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# how to find maximum speed???

Registered User Posts: 769 Member
edited December 2005
a particle moves on the x-axis in such a way that its position at time t is given by x=(2t-1)((t-1)^2)

i know that speed is absolute value of velocity and when velocity is 0 t= 2/3 and 1

so during the interval (2/3 , 1) when is the speed at a maximum??
Post edited by sonic pwr on

## Replies to: how to find maximum speed???

• Registered User Posts: 183 Junior Member
well you have the equation x=(2t-1)((t-1)^2)... so take the derivative of that to find eq for speed... first d second plus second d first...
v(t) = (2t - 1)(2t - 2) + ((t - 1)^2)(2)
v(t) = (4t^2 - 6t + 2) + (2t^2 - 4t +2)
v(t) = 6t^2 -10t +4

so then to find where speed is greatest, find the critical numbers (where deriv is 0 or undef). and i know i'm working with the velocity eq... so we'll count min's as well as max's to find "max speed"

v'(t) = 12t - 10
0 = 12t - 10
t = 5/6

so plug in 5/6 to velocity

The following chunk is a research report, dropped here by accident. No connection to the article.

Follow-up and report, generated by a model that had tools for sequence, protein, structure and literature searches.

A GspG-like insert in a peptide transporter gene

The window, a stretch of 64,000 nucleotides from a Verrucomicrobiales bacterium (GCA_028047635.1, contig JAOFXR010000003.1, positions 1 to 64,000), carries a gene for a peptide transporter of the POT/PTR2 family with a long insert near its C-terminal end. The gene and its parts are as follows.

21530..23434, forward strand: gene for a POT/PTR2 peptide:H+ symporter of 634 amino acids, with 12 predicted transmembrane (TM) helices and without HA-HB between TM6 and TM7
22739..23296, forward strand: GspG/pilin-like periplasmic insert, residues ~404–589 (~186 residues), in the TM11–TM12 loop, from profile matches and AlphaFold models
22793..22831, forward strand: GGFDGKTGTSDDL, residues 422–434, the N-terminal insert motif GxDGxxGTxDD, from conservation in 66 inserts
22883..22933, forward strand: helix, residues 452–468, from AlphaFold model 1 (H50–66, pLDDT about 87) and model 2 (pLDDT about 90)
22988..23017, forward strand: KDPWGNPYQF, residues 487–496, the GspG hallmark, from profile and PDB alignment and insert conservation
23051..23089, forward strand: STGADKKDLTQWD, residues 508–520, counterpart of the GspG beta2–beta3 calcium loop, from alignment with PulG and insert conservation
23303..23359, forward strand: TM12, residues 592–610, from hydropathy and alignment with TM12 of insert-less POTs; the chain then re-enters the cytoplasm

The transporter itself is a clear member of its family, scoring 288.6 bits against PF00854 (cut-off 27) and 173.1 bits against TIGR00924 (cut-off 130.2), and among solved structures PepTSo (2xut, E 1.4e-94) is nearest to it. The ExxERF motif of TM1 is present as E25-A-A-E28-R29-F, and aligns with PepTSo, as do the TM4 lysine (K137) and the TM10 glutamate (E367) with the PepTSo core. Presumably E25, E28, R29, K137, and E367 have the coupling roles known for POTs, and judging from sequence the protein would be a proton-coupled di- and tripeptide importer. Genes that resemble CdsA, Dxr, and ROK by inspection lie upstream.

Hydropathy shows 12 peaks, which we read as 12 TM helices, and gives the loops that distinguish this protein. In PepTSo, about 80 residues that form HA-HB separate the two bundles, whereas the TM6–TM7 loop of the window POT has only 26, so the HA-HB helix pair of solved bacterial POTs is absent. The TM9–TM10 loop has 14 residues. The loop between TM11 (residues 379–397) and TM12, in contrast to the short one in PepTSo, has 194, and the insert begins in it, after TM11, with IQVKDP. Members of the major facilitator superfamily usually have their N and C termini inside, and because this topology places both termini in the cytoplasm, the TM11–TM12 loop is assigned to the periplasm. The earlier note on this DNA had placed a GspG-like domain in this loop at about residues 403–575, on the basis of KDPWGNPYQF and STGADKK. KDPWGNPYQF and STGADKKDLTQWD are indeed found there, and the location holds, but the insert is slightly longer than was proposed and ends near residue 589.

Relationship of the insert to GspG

v(5/6) = 6*(5/6)^2 - 10(5/6) - 4
..........= 25/6 - 50/6 + 24/6
..........= -1/6
take absolute value, and the max speed is 1/6 units/sec

i guess you didn't need to know what the max speed was, but i did it anyway. but the t value for the max is 5/6.

-will
• Registered User Posts: 769 Member
also just to make sure, on what interval is the particle moving to the left? i got (2/3,1) is that right?
• Registered User Posts: 157 Junior Member
Is that an open or closed interval? If it's a close interval you must check the endpoints for speed.
abs(v(2/3)) = abs(v(1)) < abs(v(5/6))
K, answer for max speed still occurs at time = 5/6

The particle moves to the left when velocity is negative, so the entire interval, yes.
• Registered User Posts: 769 Member
entire interval meaning [2/3,1] or (2/3,1)
• Registered User Posts: 157 Junior Member
Actually, we use [2/3,1] to mean 2/3<=t<=1 and (2/3,1) to mean 2/3<t<1

So, you see, with the first notation you actually have extremas at the endpoints. Hence why you needed to check if speed was greatest there.
• Registered User Posts: 183 Junior Member
you don't need to check the endpoints in this one because he said straight out that the speed at the endpoints IS zero.
• Registered User Posts: 157 Junior Member
Ouch, totally missed that. =(
But c'mon, who is never been guilty of not reading a question completely? =P
• Registered User Posts: 769 Member
so is it [2/3,1] or (2/3,1)? which one is it? the question was asking, during what interval of time is the particle moving to the left?
• Registered User Posts: 157 Junior Member
At t = 2/3 and t = 1, since velocity is zero, you are in the process of changing directions (you are not moving to the left).
So you move to the left at 2/3<t<1 or (2/3,1).
This discussion has been closed.